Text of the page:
2012 Writers and Readers Reach Out

Over the years I’ve challenged my readers at All Things Southern to join me in an annual benefit for the less fortunate. We’ve done everything from drilling wells in Africa with Life Today to partnering with World Vision to buy chickens and goats for needy families around the world.

Last year I became fixated with the exponential power represented by the fellow writers I meet in my travels. Knowing these wordsmiths all had a circle of readers that enjoy his or her work and interact with them via their websites, blogs, Facebook and Twitter, I wondered what we might accomplish by combining our individual platforms and multiplying our efforts. The dream led me to launch Writers and Readers Reach Out. The positive results fueled my desire to do more. For the second year, I’m asking writers and readers to embark with me on 30 Days of Thankfulness to coincide with the season of Thanksgiving.

I was in the planning stages of the drive and personally burdened by what I was learning about human trafficking when I read Passport through Darkness, by Kimberly L. Smith.  I knew immediately that Make Way Partners, the organization that Kimberly and her husbanded founded, should be the recipient of this year’s efforts. Make Way Partners works with individuals, churches, and organizations to help prevent and combat the evil of human trafficking and all forms of modern-day oppression.

If you’ll take the time to read just a few of the real-life stories on Kimberly’s blog of women and children who Make Way Partners has rescued from slavery, and for whom they provide long-term care, I believe you’ll want to participate in this beautiful journey of restoration.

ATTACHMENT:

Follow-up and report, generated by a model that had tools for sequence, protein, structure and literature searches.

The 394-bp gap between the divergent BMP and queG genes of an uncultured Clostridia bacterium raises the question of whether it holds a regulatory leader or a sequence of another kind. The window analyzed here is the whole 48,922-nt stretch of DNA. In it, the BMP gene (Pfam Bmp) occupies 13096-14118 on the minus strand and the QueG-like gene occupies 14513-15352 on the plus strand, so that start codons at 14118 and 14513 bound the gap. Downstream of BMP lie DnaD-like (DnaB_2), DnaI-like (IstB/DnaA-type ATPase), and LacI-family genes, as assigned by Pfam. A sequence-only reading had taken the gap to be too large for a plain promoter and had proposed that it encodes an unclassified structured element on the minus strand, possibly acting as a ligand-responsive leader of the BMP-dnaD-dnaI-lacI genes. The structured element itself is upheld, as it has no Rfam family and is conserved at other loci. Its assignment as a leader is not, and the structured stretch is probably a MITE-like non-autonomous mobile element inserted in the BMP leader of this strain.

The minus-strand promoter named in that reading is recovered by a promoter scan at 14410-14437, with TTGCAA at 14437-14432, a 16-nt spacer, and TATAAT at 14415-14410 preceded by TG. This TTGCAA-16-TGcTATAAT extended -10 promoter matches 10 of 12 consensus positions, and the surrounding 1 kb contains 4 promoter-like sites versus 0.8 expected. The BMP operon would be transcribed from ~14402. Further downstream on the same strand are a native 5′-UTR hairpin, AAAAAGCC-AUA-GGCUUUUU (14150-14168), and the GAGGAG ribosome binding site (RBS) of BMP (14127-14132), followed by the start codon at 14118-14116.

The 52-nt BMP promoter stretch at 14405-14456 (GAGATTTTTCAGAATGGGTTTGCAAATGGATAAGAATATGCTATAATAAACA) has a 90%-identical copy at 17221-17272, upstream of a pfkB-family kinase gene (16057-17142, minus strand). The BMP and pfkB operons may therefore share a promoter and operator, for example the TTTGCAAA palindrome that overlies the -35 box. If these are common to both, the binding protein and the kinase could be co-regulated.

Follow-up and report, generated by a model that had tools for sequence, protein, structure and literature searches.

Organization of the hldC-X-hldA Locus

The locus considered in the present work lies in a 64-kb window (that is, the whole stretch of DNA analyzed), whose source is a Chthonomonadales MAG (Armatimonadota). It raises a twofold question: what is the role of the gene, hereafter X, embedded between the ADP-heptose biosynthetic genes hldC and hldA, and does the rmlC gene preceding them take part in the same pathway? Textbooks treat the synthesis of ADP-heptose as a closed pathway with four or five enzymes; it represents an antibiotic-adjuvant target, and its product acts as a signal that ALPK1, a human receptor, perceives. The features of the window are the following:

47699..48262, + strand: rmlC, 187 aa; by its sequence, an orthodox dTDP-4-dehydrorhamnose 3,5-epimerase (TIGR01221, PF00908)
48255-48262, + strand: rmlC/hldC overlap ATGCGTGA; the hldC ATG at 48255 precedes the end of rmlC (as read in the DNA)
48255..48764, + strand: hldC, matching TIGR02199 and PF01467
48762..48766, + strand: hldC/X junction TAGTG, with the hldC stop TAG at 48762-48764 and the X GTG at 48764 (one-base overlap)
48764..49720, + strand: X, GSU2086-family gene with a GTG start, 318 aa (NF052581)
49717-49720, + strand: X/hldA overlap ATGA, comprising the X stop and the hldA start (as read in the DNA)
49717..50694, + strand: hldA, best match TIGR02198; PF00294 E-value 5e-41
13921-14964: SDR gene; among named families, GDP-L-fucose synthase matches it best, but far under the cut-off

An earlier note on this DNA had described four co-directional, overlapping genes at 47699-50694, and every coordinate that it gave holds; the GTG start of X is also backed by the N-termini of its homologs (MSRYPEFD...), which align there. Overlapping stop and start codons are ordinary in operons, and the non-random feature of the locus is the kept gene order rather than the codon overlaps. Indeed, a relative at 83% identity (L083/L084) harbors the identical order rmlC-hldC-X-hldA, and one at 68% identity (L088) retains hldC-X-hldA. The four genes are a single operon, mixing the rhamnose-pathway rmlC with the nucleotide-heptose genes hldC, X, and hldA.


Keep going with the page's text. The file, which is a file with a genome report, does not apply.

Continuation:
Eight years ago, Kimberly began chartering small mission planes to fly her into the war zone where U.S. sanctions and Islamic regimes rendered thousands of orphans unadoptable. Providing food and opening a first-grade school in a lawless land with no other educational systems, MWP partnered with an indigenous leader to rescue and care for these most vulnerable orphans. Year-by-year, they have added a new grade to their school. Now, graduating eighth grade, the orphans of MWP have more education than many current leaders of their nation.  It is time to build a high school, making it possible to raise up the next generation of educated Christian leaders who will stop the cycle of violence and slavery.

Read about a few of these amazing students and the complete high school proposal here: http://kimberlylsmithblog.blogspot.com/2012/10/battle-cry-by-guest-blogger-matt-mcgowen.html

The quotes scattered here are those of the late Helen Keller.  Inviting Ms. Keller to share this journey with writers and readers feels right, for it was the power of a word written in the palm of her hand that unlocked Ms. Keller’s heart and mind and subsequently impacted untold lives around the world!

As readers and writers, no one knows the value of education better than we. Let’s dream big and build a high school for the world’s most vulnerable orphans!

Thirty days of thankfulness. It’s not a long time, but it’s a perfect time to join hands and do something grand, together. ~Shellie Rushing Tomlinson

Details for participating authors:

~Writers and Readers 30 Days of Thankfulness begins Nov.1st, 2012

~Each author posts the drive and invites his or her readers to join the effort.

~Participating authors and their websites will be credited and hyperlinked